The January 2019 Office Market Report, released by the Property Council of Australia, reveals growing demand for office space is driving down vacancy rates in CBDs across Australia, with Melbourne and Sydney at decade-lows. A market-by-market wrap is below:
The Sydney CBD vacancy rate dropped from 4.6 per cent to 4.1 per cent in the six months to January 2019 mainly due to withdrawals from the market. “Competition is good, and Australia has two of the strongest office markets in the Asia Pacific region, however Sydney is losing ground on our southern neighbour [Melbourne] in terms of both space in the pipeline and demand,” NSW Executive Director Jane Fitzgerald said.
The office market vacancy rate for Melbourne CBD has reached a 10-year low and remains the lowest of any Australian CBD, dropping from 3.6 per cent to 3.2 per cent over the last six months. “Melbourne has a sustained period of strong demand and again boasts the lowest vacancy rate amongst all of Australia’s CBDs,” said Victorian Executive Director, Cressida Wall.
Brisbane CBD recorded vacancy rates falling from 14.7 per cent in July 2018 to 13.0 per cent in January 2019. Chris Mountford, Queensland Executive Director, said, “This result is a product of positive tenant demand, combined with the withdrawal of half of the Brisbane Transit Centre - making way for the Cross River Rail project.”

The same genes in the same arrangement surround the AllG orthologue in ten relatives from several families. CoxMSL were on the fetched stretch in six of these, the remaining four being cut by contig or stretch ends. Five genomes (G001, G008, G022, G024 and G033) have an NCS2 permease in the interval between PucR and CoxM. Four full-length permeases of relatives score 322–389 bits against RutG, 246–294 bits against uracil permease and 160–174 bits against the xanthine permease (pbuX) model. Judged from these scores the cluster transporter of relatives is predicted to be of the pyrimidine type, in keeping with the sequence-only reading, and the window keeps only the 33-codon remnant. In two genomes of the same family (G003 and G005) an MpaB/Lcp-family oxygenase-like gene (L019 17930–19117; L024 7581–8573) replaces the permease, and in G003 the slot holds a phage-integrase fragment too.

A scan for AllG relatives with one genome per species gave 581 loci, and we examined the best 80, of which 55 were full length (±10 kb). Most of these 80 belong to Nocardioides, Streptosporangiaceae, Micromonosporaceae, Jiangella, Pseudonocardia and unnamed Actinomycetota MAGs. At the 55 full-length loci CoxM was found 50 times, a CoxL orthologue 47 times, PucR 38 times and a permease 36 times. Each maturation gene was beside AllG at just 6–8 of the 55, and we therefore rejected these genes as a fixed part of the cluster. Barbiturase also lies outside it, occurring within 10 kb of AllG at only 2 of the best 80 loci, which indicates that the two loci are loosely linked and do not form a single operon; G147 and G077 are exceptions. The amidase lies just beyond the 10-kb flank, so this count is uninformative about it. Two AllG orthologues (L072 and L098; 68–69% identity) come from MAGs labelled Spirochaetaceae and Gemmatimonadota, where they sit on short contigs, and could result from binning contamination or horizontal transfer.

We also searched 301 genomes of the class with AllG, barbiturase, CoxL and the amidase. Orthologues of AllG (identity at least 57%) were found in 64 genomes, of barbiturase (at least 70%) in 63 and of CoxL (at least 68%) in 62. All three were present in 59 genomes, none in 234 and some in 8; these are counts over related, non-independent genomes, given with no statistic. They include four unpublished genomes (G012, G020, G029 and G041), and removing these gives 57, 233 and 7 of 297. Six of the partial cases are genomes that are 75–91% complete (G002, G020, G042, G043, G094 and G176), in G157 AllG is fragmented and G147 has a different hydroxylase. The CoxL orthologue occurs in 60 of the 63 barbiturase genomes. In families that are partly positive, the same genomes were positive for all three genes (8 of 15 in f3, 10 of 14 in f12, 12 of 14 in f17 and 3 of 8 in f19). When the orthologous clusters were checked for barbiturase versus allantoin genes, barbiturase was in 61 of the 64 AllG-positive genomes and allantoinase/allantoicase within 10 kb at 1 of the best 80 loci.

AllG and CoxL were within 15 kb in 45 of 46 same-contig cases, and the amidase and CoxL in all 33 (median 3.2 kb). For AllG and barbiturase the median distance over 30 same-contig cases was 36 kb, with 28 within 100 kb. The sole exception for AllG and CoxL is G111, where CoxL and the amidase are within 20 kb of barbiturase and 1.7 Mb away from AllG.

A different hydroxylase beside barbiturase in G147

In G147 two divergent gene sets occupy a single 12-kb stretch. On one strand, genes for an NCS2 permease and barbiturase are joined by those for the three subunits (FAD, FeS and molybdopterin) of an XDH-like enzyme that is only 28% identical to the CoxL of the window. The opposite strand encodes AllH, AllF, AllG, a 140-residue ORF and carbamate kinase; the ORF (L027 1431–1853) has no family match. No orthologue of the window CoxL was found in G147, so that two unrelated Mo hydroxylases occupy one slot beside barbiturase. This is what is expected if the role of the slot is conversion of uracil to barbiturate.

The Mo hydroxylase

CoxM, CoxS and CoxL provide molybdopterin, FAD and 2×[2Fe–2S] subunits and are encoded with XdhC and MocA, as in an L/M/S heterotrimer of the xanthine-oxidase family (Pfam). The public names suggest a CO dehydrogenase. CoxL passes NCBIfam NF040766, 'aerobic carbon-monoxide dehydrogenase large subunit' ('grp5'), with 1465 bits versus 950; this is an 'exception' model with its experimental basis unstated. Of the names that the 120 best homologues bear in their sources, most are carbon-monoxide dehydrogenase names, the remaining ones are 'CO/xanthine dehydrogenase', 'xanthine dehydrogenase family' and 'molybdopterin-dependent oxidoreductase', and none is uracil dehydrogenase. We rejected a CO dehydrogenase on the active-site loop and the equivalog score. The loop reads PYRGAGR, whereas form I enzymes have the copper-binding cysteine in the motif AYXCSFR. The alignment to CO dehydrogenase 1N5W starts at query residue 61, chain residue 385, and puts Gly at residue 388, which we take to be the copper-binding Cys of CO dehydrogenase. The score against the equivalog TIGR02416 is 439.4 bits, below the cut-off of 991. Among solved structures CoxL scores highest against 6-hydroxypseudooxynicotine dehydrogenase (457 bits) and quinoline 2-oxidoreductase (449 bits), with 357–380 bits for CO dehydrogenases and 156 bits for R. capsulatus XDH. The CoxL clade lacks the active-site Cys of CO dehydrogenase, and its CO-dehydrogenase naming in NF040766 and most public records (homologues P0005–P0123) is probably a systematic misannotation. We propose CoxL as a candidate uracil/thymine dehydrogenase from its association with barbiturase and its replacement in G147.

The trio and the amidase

The Adelaide CBD office vacancy rate has dropped for the fourth consecutive period, from 14.7 to 14.2 per cent in the six months to January 2019. “While Adelaide’s CBD has 203,000 sqm of office vacancy - the equivalent of 10 Adelaide Oval playing surfaces - this figure has decreased for the fourth consecutive period,” SA Executive Director Daniel Gannon said.
Office vacancy for Perth CBD has dropped to 18.5 per cent in the six months to January 2019, down from 19.4 per cent. WA Executive Director Sandra Brewer, said, “When you consider there is no new office space officially in the pipeline for the Perth CBD after 2019, and business and economic sentiment is once again lifting, the signs for the office market and the broader industry are encouraging.”
Once again results show vacancy rates have declined over the past six months in the Canberra market, with the commercial leasing sector remaining confident that demand for office space will continue to grow. ACT Executive Director, Adina Cirson said, "Over the last six months to January 2019, Canberra’s overall vacancy rate decreased to 11 per cent from 12.4 per cent."
Hobart CBD’s office market vacancy rate held steady at 5.9 per cent, up marginally from 5.8 per cent over 12 months to January 2019. “The B, C and D Grade vacancy rates have all decreased with the increase in A Grade vacancy due to tenant relocations to outside market boundaries,” Tasmanian Executive Director, Brian Wightman said.
Northern Territory Executive Director, Ruth Palmer, said that while our vacancy rates show Darwin has dropped to 17.2 per cent from 21.6 per cent, we must note that this is purely due to the timing of the report. “This figure will change significantly again when the new Health building is completed and the current Health House plus a floor in Darwin Plaza become empty as the transition to the new Health building commences.